At the November briefing, Wellinghoff called electric cars part of “the glue” that will hold a green grid together and said the federal government should consider giving automakers like General Moters (GM) and Ford (F) incentives to produce plug-in hybrids.

“To modernize the grid, we need to define our goals and define a national tranmission planning process,” he said. “Let’s do it. We just need to get it done.”

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photo: California Governor’s Office

California Governor Arnold Schwarzenegger on Monday terminated talk that the recession will crimp California’s fight against global warming when he ordered every utility in the state to obtain a third of its electricity from renewable sources by 2020. And in a move that will shake up the land rush to build solar power plants in the desert, Schwarzenegger signed an executive order to streamline and prioritize the licensing of such projects.

“One of the great things about California, of course, is that we always push the envelope,” said Schwarzenegger at startup OptiSolar’s solar cell factory in Sacramento, surrounded by a triptych of solar panels, utility executives and environmentalists. “That is why today I’m proposing that we set our sights even higher. This will be the most aggressive target in the nation.”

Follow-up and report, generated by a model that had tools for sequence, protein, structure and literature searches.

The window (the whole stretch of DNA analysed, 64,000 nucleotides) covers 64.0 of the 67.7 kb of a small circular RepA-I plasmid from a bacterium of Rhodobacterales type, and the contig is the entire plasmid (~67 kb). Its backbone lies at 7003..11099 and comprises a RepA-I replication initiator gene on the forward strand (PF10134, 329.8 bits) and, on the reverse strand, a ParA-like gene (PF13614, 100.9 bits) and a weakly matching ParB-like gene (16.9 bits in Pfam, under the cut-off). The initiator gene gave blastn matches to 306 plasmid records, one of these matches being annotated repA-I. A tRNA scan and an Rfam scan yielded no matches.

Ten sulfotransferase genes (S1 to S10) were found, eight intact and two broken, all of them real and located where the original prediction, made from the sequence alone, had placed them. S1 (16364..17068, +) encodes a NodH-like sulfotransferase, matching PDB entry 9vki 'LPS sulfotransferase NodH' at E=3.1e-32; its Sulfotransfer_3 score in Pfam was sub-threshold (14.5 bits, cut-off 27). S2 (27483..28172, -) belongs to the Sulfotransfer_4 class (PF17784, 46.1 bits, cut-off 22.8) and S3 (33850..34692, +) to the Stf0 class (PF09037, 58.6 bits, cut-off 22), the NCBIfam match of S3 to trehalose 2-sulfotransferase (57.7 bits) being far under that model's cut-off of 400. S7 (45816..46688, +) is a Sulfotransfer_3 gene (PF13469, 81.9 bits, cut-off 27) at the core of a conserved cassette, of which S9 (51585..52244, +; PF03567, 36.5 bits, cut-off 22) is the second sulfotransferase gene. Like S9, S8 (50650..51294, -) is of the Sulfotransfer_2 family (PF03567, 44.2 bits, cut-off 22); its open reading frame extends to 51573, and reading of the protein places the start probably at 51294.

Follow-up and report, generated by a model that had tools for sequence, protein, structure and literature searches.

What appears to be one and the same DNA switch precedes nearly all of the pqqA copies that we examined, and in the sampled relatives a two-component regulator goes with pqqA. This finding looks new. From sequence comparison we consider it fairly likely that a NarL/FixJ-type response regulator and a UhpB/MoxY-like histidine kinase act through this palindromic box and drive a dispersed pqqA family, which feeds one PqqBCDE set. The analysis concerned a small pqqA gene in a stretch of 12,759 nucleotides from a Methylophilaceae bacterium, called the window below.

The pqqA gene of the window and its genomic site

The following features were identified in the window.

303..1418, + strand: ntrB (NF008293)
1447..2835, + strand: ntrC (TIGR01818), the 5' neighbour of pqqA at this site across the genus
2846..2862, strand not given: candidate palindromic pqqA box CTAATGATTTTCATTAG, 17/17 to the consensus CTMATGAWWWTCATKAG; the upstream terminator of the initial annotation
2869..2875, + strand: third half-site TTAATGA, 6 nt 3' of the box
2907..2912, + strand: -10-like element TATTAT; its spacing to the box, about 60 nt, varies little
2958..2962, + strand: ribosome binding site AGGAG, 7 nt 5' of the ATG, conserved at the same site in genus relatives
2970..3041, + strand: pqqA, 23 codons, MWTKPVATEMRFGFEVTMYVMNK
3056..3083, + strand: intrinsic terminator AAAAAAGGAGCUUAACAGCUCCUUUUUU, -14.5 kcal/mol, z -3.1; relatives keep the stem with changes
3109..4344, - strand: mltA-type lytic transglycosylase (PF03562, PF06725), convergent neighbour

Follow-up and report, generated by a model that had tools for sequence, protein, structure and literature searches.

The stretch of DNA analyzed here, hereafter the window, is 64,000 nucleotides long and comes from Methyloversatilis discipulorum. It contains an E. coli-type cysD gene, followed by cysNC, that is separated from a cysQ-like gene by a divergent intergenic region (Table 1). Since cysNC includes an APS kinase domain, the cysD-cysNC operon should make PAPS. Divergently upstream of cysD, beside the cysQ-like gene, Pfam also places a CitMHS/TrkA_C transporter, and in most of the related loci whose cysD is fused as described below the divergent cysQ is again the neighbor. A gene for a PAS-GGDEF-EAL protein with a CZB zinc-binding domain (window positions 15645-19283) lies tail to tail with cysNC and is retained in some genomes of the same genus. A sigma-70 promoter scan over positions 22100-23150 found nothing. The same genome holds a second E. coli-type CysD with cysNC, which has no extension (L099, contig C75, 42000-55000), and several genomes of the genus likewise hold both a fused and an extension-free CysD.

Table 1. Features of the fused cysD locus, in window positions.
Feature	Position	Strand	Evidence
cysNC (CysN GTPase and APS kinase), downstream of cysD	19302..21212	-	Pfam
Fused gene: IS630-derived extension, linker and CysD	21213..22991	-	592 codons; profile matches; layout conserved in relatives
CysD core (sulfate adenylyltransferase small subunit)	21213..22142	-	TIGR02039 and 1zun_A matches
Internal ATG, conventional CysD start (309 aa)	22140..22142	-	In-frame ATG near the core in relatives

California currently requires the state’s Big Three investor-owned utilities – PG&E (PCG), Southern California Edison (EIX) and San Diego Gas & Electric (SRE) – to secure 20% of their electricity from green energy sources like wind, solar and geothermal by 2010. Monday’s move turns what had been a 33% renewables goal into a mandate and extends responsibility for meeting it to every electricity retailer in California.

Utilities, however, have struggled to reach even the 20% target as renewable energy projects become bogged down in California’s extensive environmental review and licensing process that involves a host of state and federal agencies.

Many proposed massive megawatt solar power plants will be built on environmentally sensitive land in the Mojave and Colorado deserts in California, threatening to trigger years-long battles over endangered species and water.